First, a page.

2 posts in one day is a rarity, but this is something that holds a lot of importance in my life and I wanted to acknowledge it. I just came home from the 9/11 Memorial on College Green, which provided a much different experience than I expected.
Never forget. It’s a phrase plastered on bumper stickers and flags. We’ve all seen it a countless amount of times. But does it really ring true? One of the boys at the service spoke of his frustrations today when he watched Penn students continue their daily lives, oblivious to the date and its significance. His point was that, yes, we are supposed to move on and heal…but what can be said about the mere 15 others in attendance at tonight’s memorial?
I’ll never forget the first vigil I attended on the night of September 11, 2001 in Van Neste Square in my hometown of Ridgewood, NJ. I was only 11 years old, and I just could not wrap my head around the events of the day or the changes that had taken place in our nation overnight. As I stood there crying with my mom, an older woman approached us.
I’ll never forget her, a complete and utter stranger, looking me directly in the eyes and telling me that everything was going to be okay. When we averted our gaze for just a moment, we couldn’t find her again. We never saw her leave, and I never saw her face again. I can’t even remember much of what she looked like.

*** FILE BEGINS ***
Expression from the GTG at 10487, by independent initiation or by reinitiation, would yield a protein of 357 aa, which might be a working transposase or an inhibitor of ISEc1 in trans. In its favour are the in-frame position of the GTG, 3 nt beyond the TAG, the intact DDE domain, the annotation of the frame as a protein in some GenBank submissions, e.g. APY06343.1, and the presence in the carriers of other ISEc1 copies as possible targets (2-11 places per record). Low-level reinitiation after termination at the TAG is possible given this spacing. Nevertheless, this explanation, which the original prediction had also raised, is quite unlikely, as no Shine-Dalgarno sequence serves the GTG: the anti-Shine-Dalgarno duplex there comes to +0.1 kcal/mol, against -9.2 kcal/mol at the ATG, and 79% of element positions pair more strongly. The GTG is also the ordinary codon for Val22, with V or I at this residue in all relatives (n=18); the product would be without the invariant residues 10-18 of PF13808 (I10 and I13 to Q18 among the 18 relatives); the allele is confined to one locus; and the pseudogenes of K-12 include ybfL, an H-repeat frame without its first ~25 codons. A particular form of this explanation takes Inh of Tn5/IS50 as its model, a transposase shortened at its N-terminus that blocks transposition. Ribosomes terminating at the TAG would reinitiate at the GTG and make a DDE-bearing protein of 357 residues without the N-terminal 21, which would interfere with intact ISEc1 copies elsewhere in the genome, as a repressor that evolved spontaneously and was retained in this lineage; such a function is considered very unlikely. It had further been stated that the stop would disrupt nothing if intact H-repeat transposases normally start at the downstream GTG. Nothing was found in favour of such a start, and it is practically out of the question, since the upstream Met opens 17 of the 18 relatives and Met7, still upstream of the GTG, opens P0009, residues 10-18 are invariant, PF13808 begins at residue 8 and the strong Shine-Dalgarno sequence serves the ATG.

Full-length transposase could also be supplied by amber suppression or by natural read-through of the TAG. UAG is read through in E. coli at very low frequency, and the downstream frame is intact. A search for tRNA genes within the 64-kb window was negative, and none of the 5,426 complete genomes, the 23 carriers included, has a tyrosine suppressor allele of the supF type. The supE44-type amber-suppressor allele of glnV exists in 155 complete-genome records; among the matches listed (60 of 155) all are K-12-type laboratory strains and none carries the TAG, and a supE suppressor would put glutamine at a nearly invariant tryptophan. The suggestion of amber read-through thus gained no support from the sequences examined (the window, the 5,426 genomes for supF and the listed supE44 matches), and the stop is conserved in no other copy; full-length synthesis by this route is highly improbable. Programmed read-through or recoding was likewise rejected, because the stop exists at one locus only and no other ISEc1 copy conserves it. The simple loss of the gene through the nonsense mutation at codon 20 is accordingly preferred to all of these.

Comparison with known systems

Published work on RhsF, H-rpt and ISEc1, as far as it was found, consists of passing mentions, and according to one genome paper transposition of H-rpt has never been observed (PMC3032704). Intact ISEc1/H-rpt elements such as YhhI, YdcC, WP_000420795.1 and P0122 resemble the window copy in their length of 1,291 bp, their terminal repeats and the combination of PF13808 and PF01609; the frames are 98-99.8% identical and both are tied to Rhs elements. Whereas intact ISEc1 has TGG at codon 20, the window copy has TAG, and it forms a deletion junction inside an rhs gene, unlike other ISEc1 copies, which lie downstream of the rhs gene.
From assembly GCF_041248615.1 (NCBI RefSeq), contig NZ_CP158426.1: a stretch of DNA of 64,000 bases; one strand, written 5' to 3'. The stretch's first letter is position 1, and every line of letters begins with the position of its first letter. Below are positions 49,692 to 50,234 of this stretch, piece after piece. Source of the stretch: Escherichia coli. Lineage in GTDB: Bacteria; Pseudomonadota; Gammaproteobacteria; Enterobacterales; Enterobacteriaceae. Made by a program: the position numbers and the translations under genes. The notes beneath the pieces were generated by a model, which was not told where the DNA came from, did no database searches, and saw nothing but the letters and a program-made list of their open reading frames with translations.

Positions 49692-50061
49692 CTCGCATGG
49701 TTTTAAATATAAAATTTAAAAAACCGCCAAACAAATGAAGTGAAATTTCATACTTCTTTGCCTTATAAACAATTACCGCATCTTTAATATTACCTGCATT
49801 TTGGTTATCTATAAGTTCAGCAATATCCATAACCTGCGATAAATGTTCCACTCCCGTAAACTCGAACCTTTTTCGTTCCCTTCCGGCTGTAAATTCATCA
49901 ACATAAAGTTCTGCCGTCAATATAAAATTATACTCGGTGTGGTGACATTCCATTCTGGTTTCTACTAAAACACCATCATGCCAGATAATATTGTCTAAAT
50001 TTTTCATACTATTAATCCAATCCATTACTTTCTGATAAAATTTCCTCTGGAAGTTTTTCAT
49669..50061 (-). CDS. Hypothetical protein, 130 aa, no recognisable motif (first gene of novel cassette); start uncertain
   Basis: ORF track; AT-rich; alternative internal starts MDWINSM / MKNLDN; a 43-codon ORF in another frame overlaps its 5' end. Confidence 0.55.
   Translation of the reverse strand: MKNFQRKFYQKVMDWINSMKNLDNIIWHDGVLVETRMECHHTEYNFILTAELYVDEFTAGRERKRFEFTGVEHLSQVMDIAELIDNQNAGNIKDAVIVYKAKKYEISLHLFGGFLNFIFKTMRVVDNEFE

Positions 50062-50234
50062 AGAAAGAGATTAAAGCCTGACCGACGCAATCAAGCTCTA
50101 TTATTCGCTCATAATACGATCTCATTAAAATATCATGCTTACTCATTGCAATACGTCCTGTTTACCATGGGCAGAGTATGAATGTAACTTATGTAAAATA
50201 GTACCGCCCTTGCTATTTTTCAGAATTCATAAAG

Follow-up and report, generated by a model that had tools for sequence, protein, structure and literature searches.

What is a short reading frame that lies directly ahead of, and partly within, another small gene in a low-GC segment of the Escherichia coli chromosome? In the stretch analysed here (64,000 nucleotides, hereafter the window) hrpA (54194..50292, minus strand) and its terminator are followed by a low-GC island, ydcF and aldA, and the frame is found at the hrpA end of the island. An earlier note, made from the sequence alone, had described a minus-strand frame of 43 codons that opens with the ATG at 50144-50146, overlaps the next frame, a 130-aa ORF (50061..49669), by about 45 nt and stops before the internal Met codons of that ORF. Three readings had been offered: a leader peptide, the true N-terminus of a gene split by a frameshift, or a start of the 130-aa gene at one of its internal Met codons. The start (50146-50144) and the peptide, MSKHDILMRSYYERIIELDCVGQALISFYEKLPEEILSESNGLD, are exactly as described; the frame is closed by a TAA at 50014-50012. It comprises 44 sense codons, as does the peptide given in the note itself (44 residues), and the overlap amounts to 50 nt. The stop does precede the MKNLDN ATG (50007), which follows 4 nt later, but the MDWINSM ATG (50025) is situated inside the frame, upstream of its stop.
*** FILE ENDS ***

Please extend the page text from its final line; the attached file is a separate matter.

But I do, and always will remember my mom’s suggestion, that she could have been an angel. This thought gave me comfort during such a terrifying period.
The point of my recollections is not to dwell on the past, nor is it to recover and reopen all of the wounds incurred on 9.11.01. I just wanted a few minutes to think about it, and to remember that day for all it was. Perhaps the point of that boy’s speech was to ask everyone else to do just the same.
The chaplain who spoke really hit home when he prayerfully mentioned to keep in mind those who are pouring over photographs today. I am most assuredly one of the lucky ones. I know many people whose dads never came home and have seen their grief and anguish as they cope. Although most of us do not need to remember today with as much pain as those who lost love ones, we still need to remember it. It just felt right to allow myself some time, 9 years later, to think through everything that happened and say a prayer.
God bless America, and God bless those families and friends who lost someone important on this day nine years ago.